from The American Heritage® Dictionary of the English Language, 4th Edition
- n. A place where peat can be dug; a peat bog.
from Wiktionary, Creative Commons Attribution/Share-Alike License
- n. A piece of peatland from which turf may be cut for fuel.
- n. Material extracted from a turbary.
- n. The right to cut turf from a turbary on a common or in some cases, another person's land.
from the GNU version of the Collaborative International Dictionary of English
- n. A right of digging turf on another man's land; also, the ground where turf is dug.
from The Century Dictionary and Cyclopedia
- n. In law, a right of digging turf on another man's land.
- n. A peat-bog, peat-moor, or peat-swamp; any locality where peat occurs in considerable quantity. See the quotation under peat-moor.
We had then to pay a special rate for cutting turf, called turbary, in addition to our rent.
It is only fair to the memory of the deceased gentleman to state that such rights are frequently paid for, and that he had not taken the farm subject to any "turbary" rights or local customs.
It is quite easy to understand that a tenant who has been thirty years on a little holding thinks himself entitled to great lenity, especially if his rent has been raised during that period, and, as this man asserts, his "turbary" rights restricted, and every kind of privilege reduced.
The vast quantity of this unworked fuel would be sufficient to warm the whole population of Iceland for a century; this vast turbary measured in certain ravines had in many places a depth of seventy feet, and presented layers of carbonized remains of vegetation alternating with thinner layers of tufaceous pumice.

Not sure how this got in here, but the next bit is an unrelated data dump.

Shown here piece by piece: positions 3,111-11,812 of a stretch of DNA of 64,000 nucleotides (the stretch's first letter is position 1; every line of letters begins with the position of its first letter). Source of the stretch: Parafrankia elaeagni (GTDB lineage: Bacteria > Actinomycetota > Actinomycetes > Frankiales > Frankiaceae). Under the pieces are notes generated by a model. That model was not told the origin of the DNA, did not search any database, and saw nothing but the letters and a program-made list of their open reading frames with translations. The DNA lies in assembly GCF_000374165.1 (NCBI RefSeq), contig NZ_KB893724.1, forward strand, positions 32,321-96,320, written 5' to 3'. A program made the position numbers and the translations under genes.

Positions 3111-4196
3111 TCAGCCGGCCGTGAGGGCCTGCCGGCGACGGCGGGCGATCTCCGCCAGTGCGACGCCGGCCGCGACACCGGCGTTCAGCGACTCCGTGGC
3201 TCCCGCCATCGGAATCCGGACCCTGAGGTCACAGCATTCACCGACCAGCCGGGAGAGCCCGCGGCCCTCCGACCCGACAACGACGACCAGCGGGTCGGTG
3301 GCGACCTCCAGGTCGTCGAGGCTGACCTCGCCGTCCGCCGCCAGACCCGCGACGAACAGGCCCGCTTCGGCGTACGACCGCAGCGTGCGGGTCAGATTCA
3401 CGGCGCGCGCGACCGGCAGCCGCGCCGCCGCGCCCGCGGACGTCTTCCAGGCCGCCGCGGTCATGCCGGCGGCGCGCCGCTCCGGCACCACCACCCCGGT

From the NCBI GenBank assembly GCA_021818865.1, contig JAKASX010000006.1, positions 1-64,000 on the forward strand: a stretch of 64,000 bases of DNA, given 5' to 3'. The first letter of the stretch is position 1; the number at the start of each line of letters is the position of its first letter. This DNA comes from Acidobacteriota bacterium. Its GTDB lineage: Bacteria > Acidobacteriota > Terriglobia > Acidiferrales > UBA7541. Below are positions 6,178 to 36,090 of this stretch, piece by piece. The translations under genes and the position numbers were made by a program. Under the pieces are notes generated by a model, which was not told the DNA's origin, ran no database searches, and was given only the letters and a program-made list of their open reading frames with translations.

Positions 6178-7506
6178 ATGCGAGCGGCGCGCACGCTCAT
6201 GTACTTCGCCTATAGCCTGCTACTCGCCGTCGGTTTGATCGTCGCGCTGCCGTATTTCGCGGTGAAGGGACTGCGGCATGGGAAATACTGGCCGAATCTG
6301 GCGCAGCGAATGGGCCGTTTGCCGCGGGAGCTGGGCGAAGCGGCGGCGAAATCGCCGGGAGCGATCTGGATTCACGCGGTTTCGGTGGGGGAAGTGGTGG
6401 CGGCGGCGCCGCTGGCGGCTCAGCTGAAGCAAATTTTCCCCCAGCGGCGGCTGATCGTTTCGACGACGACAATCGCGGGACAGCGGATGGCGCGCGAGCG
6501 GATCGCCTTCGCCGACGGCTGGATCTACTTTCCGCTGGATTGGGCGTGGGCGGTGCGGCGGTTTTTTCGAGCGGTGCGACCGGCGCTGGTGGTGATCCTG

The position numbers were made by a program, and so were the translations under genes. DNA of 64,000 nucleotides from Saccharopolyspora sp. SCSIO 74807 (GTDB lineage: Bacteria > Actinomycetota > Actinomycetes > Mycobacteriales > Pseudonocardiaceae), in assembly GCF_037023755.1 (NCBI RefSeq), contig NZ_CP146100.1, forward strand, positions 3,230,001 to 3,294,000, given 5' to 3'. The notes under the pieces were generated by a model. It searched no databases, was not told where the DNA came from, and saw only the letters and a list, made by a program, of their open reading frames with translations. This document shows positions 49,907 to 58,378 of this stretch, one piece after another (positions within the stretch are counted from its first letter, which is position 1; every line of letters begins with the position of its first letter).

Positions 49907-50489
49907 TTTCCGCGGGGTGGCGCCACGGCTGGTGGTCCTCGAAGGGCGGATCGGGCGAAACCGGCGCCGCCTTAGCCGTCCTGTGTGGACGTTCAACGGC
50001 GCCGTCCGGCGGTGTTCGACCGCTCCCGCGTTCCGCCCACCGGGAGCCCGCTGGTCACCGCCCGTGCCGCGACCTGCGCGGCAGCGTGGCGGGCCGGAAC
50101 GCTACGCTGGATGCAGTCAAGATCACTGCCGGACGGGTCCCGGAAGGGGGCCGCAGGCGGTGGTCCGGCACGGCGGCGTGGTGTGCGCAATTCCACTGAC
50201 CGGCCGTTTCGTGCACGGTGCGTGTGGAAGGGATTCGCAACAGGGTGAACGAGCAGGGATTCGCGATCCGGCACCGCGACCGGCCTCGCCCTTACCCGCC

We have no turbary, or any other easement; but, to compensate us, we have thirlage, outsucken multures, insucken multures, and dry multures; as also we have a soumin and roumin, as any one who has been so fortunate as to hear Mr Outram's pathetic lyric on that interesting right of pasturage will remember, in conjunction with pleasing associations.
The privilege of turbary, or "getting turf," was a valuable one, and was conferred frequently on the burgesses of towns paying scot and lot.
Sir Edward More, in his celebrated rental, gives advice to his son to look after "his turbary."
The right of turbary, which nearly every tenancy possesses, is the one thing which has kept this population from starvation, and in the case of seaside tenancies a further gain accrues from the use made of seaweed as manure, which, owing to the absence of stall-feeding, is only to be obtained in this way.
I had a few words with the agent about the turbary this morning, and maybe you're better without me.
Would you give me the red cow you have and the mountainy ram, and the right of way across your rye path, and a load of dung at Michaelmas, and turbary upon the western hill?
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